It is sometimes difficult to identify historical milestones as they occur, especially if they are small and sometimes may seem almost insignificant. However, on December 15, 2016, in a magistrate court in Tel-Aviv a historic event occurred: for the first time in Israel, an Israeli company was convinced for bribing a foreign public official. This is especially interesting due to the fact that this is also the first time the general prosecution in Israel based an indictment on Section 291A of the Israeli Penal Law, that was enacted in 2008, in the course of Israel's efforts to join the OECD as a member country.
As described in the indictment, in 2012 an Israeli company – NiP Global Ltd ("NiP") that specializes in developing government IT solutions – entered into a $30 million deal with the government of Lesotho to sell the African kingdom its products. In order to obtain the contracts, NiP hired a local consultant who introduced the Israeli company to the director general of Lesotho's interior ministry, and paid the consultant $500,000. A significant amount of this sum was intended for the director general. The case was investigated by the Israeli police and the Lesotho authorities, resulting in the indictment against NiP in Israel, and charges being brought against the consultant and director general in Lesotho.
NiP entered into a plea agreement with the Israeli general prosecution, according to which it would admit it was guilty of the charges and fully cooperate with the Lesotho authorities in their enforcement efforts against the two local individuals. Additionally, NiP agreed to pay a NIS 2.25 fine and forfeit another NIS 2.25, and undertook to revise its internal policies and procedures in order to prevent future cases of corruption and bribery. The magistrate court noted that the fine and asset forfeiture were substantially lower than the value of the ill-gotten gains, and accepted the plea agreement because this was the first indictment of this offence in Israel and noted that in the future sanctions will increase gradually until they reach the appropriate sentencing range.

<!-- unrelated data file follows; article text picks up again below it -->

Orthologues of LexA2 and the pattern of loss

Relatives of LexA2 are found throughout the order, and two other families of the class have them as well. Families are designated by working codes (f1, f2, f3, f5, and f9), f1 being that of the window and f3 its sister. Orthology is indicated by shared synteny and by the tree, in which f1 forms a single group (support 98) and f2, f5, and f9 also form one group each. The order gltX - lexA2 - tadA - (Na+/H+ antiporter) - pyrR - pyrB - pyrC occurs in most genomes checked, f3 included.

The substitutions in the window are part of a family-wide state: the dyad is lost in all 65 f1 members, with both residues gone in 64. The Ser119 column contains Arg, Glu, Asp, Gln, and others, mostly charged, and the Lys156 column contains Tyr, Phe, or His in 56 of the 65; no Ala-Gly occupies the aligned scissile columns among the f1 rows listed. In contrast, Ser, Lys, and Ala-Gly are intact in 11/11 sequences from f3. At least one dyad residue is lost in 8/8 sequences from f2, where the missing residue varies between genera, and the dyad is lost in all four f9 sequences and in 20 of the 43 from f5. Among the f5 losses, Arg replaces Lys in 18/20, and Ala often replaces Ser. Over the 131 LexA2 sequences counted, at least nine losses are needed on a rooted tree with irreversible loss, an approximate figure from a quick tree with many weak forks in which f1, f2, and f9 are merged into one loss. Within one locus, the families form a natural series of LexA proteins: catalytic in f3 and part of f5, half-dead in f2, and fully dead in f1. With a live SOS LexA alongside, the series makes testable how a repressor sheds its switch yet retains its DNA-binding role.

Admittedly, Israel is a bit late to "join the game", in the worldwide battle against corruption, but the NiP case should be viewed as a two-fold signal on the part of law enforcement agencies in Israel with regards to bribery paid by Israeli entities outside of Israel. Firstly, the NiP case demonstrates that Israel will no longer condone such conduct, which is especially significant given that only a decade ago an Israeli company argued before the Israeli Supreme Court that payments made as bribery to foreign officials should be classified as a recognized expense for tax purposes. In 2008 the Supreme Court rejected the company's request. In 2016, no company would dare make such a request.
Secondly, the NiP case is a strong indicator that Israeli law enforcement agencies intend to follow the footsteps of the United States, and apply the standards established during the many years of enforcement of the Foreign Corrupt Practices Act. The relatively low fine and forfeiture were attributed to the fact that this was the first prosecution under Section 291A, and the court explicitly indicated that the monetary fines will increase in future cases. Additionally, as part of the plea agreement, NiP undertook to revise its internal procedures and policies. Compliance mechanisms are relatively new to the Israeli corporate and legal culture, and the fact that they were part of the plea agreement – as one would expect in almost every FCPA case in the United States – demonstrates the strong U.S. influence on the Israeli prosecution in the NiP case.
Clearly, the burden is now on Israeli law enforcement agencies to follow up with more prosecutions of bribery paid to foreign officials. However, given the importance of this area of law to international commerce and global economy, and the attention it receives from international organizations such as the OECD and the UN, we can safely predict that while the NiP case will go down in Israeli history as the first prosecution of foreign bribery, it will certainly not be the last.
Originally published on December 18, 2016
The content of this article is intended to provide a general guide to the subject matter. Specialist advice should be sought about your specific circumstances.